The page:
I have learned that building a relationship with your athletes is one of the hardest things to do, especially if you did not coached the athlete from the beginning of their sport experience.

Each athlete is different and you as their coach, are the only person that can understand what they are going through and their feelings.

Although athletes have friends and family, sometimes it’s not enough, sure they can act as comforters and be their emotionally, but what a coach provides is an understanding on a sport level. Sympathy does not help, understanding and developing an effective plan to help them does. A parent’s job is to convince them to keep going and keep pushing and it’s a coach’s job to teach them the effective skills suited for them to complete any task.

Now, it’s time you learn your athlete. Your job as a coach is to:

– Figure out what makes them click

– How well do they work under pressure

– How far will they push themselves before you have to jump in and aid them

– How patient are they

– How do they deal with tough training days? (with negativity or with a positive attitude)

– How are they at problem solving and finding a solution before the emotional breakdown?

These are the ways you will create a better and stronger athlete. Once you show them that you take an active interest in these sections and that it is pertinent to being the best coach for them, they will then begin to trust you. Trust is the most important aspect of a relationship between you and your athlete.

Please understand, getting to know your athlete is like research. This will take time. Your athletes are homework, without studying them you will not be able to prepare a successful outcome for them OR build their trust. From experience, I find that it takes about one year of intense coaching to understand my athletes enough in order to build their daily, weekly and even monthly programs to target them individually. As your athlete develops, so must your training programs.

I always encourage coaches to not only spend time coaching your athlete but also observing them. Understand what kind of kid they are; what do they like, what are their hobbies, what are their attitudes like at home and at school? This will help you figure out what excites them and motivates them to learn during your sessions.

I enjoy spending time studying my athlete’s body language. I pay special attention to how they react to situations emotionally and physically with anything whether it be positive or negative. This is how I determine what I need to do or say to help them in their time of struggle. I look at what situations them happy or sad and how they think of themselves during those times. I use different words and sentences for each on my athletes because I know how it affects them. I also address them in different times of their training practice and use different examples of how to correct their performance while incorporating happy and positive experiences from their life. A funny example of this is – One of my athletes love rabbits. When she is learning new things, I try to integrate rabbits into some of my explanations for her. I notice that she gets excited which makes learning positive and helps her focus because I’ve related to her on a personal level.

Here are a few important things that I have noticed with athletes that have helped me develop my communication skills with them during training:

1. Some athletes are comfortable with being addressed in front of a group of their peers and can still remain focused, even if training continues behind them. Another athlete may be shy or insecure, which, would tell me I need to address him or her privately.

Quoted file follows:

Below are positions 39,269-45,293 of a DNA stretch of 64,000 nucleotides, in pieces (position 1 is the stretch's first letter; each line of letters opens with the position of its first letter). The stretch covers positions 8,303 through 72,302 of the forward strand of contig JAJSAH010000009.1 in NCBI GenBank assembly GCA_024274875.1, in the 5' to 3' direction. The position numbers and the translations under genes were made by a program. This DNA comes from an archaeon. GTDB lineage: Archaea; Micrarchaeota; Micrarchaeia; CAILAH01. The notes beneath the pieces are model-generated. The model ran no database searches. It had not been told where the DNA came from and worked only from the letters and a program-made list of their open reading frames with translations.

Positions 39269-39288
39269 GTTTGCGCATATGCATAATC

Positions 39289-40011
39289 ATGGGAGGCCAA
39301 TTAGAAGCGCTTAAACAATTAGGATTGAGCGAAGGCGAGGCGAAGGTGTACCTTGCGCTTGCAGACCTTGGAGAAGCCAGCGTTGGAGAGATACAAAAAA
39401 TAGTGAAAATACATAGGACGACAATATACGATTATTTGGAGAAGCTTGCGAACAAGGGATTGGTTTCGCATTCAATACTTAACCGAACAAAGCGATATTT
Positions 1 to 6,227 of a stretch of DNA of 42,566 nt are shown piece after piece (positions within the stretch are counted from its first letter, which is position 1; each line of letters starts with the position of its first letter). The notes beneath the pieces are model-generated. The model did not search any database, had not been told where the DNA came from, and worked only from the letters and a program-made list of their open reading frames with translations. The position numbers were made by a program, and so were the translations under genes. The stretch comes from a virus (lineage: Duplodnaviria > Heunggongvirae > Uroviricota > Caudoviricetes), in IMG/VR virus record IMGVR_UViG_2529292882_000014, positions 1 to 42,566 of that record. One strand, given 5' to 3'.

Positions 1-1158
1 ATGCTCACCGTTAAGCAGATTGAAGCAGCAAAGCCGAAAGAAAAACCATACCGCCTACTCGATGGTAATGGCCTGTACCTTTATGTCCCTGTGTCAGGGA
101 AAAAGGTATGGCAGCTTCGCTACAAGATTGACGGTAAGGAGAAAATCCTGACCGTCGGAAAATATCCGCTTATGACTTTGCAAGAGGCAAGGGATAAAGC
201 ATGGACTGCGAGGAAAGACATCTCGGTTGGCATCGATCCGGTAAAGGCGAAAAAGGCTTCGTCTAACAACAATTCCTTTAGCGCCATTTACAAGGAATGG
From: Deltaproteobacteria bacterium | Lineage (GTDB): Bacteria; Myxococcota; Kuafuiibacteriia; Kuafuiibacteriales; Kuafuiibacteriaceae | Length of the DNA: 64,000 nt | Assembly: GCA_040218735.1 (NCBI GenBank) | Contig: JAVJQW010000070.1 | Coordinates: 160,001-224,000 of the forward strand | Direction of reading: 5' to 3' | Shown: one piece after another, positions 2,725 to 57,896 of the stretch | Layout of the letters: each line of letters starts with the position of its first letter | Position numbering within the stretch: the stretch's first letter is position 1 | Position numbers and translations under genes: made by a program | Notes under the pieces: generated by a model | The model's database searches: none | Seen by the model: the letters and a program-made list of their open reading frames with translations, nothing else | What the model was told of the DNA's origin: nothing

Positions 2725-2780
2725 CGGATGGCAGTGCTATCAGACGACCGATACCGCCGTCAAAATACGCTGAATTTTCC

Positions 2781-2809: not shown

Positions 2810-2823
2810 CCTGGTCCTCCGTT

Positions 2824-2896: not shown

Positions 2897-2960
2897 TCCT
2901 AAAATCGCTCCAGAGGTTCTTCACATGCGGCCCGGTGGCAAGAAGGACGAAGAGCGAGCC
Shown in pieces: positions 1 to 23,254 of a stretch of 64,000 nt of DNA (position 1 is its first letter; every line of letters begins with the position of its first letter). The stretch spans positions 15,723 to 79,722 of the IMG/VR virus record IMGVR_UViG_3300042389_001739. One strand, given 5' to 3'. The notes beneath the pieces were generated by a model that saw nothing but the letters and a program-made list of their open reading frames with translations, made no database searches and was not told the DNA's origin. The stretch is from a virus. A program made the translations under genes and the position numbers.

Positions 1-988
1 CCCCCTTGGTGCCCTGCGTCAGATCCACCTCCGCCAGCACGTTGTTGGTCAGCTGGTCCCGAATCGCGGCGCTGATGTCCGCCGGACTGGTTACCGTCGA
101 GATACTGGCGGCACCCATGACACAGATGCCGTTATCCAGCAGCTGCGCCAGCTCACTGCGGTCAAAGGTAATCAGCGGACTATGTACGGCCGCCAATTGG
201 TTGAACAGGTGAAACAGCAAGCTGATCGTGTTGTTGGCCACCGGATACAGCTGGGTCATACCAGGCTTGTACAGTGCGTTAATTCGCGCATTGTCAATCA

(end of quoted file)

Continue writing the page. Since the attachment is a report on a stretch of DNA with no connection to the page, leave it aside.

2. Some athletes respect a firm tone of voice as some may view it as their coach is upset with them and attribute it to punishment. When I notice my athlete’s anxiety increasing from frustration, I can easily tell who I need to be firm with and can handle a raised voice. This will help them snap back into their groove. I also recognize those who require a subtle more gentle approach in a more nurturing way.

3. Some athletes hear words differently. For example, I can tell an athlete to remember to think of being the best while performing and they would use that as motivation, while others may hear those words and think they ARE the best and I like them more. This could have a negative impact to the entire team. It could promote tension, anxiety, bragging and belittling between team mates. This is why it is very important to understand your athlete and their cogitation.

4. Some athletes need a healthy distraction if they are beginning to struggle with a task. If I see my athlete trying to make a change that just isn’t working and maybe they aren’t as focused as they should be, I would ask them to take a break and work on something else for a while with the option of revisiting the task with a clearer mind. Again, understanding an athlete is important here: Some athletes may view this as a break while others may feel punished. The last thing we want is for our athletes to feel punished for trying something and not being able to accomplish it.

Being a coach is about knowing your athletes and understanding who they are. They are like snowflakes, no two are the same. They may have similar physical potential or skill level but they will always cognitively differ. Again, this means what works for one may not work for the other.

Understand your athlete is not unaware, they know when their coach is taking the time to understand them as an athlete and when they are not. Your athlete may not always understand why you are training them the way you are, but they will collaborate with you better if you know them as well as you possibly can. This is how you build trust and trust is, by far, the most important aspect of your relationship with your athletes.

“You are your own most powerful motivator and critic. Which will you be?”

-Coach Brittany-